Vast and serene Inle Lake is one of the top tourist attractions in Myanmar. Besides its considerable natural beauty the lake also attracts tourists for the stilt houses of the Intha, the descendants of Mon people from the far southeast. A typical day-trip on the lake, taken in a long, narrow boat with a noisy outboard motor, will stick to the northern reaches of Inle Lake. These trips also include visits to small workshops in stilt villages, several pagodas and probably a market. Travelers are also likely to see fishermen propelling their boats using a distinctive leg-rowing technique, and other Intha residents of the lake tending to fruit and vegetables on floating gardens.
Built atop an extinct volcano plug, the Buddhist monastery of Taung Kalat is one of the most breathtaking sites in Burma. To reach the monastery, visitors must climb the 777 steps to the summit. Along the way are a multitude of Macaque monkeys expecting treats. From the top of Taung Kalat, one can enjoy a panoramic view. One can see the ancient city of Bagan and the massive solitary conical peak of Mount Popa, the volcano that actually caused the creation of the volcanic plug.
The Shwedagon or Greater Dragon Pagoda is considered the most sacred site in Buddhism in Myanmar because it contains a strand of Buddha’s hair and other religious relics. The 2,500-year-old pagoda is located on Singuttara Hill in Yangon, the largest city in Myanmar. Over the centuries, the pagoda has grown from 8 meters to 99 meters (26 feet to 366 feet). The origins of Shwedagon are lost in antiquity but it is estimated that the Pagoda was first built by the Mon during the Bagan period, sometime between the 6th and 10th century AD. It is covered in gold leaf; the stupa is covered in 4,531 diamonds. Numerous temples, statues and stupas can be found at this unforgettable site. Pagoda visitors are expected to follow a dress code (trousers preferred, T-shirts with elbow-length sleeves) and enter the temple barefooted.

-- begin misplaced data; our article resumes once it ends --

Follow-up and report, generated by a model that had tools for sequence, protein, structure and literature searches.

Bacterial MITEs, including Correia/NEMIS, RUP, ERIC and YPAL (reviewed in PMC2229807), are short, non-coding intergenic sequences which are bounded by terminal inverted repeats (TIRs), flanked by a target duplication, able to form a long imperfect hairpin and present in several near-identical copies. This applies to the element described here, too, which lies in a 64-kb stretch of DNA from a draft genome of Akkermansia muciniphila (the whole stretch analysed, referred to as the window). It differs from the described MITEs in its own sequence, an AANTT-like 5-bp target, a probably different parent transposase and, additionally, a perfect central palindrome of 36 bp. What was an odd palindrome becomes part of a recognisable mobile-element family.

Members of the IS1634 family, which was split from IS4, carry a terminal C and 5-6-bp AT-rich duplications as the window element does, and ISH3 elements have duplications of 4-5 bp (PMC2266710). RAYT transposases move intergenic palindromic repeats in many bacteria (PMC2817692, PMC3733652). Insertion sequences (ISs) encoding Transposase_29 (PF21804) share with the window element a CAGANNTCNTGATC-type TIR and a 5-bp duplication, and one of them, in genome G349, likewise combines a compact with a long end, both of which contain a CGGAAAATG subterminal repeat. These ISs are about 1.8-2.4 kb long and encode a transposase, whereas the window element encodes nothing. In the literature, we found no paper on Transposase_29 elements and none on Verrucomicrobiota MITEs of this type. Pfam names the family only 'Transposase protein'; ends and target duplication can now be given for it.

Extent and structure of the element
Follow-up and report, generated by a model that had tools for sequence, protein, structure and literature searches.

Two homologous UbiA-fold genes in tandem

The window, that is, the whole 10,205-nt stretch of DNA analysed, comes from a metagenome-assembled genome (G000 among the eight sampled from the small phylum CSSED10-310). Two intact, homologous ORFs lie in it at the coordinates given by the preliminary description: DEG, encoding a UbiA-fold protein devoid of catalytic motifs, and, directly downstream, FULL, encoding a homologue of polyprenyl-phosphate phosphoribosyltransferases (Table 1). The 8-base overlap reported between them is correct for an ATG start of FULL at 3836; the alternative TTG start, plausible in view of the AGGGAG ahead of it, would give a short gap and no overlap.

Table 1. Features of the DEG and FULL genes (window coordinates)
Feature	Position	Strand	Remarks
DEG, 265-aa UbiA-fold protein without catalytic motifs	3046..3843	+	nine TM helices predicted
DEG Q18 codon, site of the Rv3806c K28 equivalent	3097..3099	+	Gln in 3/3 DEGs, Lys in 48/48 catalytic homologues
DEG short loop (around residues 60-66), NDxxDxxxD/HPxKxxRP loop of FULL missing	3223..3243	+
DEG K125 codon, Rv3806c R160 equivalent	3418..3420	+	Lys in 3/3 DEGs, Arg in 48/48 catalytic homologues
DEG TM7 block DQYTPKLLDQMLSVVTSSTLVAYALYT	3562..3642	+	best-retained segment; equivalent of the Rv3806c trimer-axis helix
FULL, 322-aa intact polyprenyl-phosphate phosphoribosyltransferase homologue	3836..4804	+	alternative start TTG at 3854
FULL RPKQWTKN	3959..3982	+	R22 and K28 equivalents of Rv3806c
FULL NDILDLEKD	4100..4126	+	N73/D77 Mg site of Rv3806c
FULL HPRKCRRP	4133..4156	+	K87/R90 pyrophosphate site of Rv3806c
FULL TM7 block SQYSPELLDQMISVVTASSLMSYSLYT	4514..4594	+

Golden Rock, or Kyaiktiyo Zedi as it is known locally, is a totally awesome sight: a pagoda (zedi) sitting atop a huge boulder that appears as if it’s about to fall off the edge of a cliff. Both are covered in golf leaf. The locals believe the boulder, which sits 1,100 meters (3,600 feet) above sea level, is held in place through a miracle of Buddha; the pagoda is said to contain a strand of his hair. Visiting here is a pilgrimage for Myanmar Buddhists. Golden Rock is about a five-hour drive from Yangon, and also involves a long walk. A staircase leads to the pagoda complex that houses several viewing platforms and Buddha shrines.
Travelers with a passion for Buddhist temples, pagodas and stupas should have a field day in Bagan, since it contains more of these than any other place in the world. The most popular destination in Myanmar, Bagan was the capital of the First Burmese Empire from the 9th to the 13th centuries. The site that Marco Polo once described as the “gilded city” was home to around Buddhist 13,000 temples in its 11th-century heyday. Thousands of temples, stupas and pagodas remain, including the famous Ananda temple with its sparkling gold spires.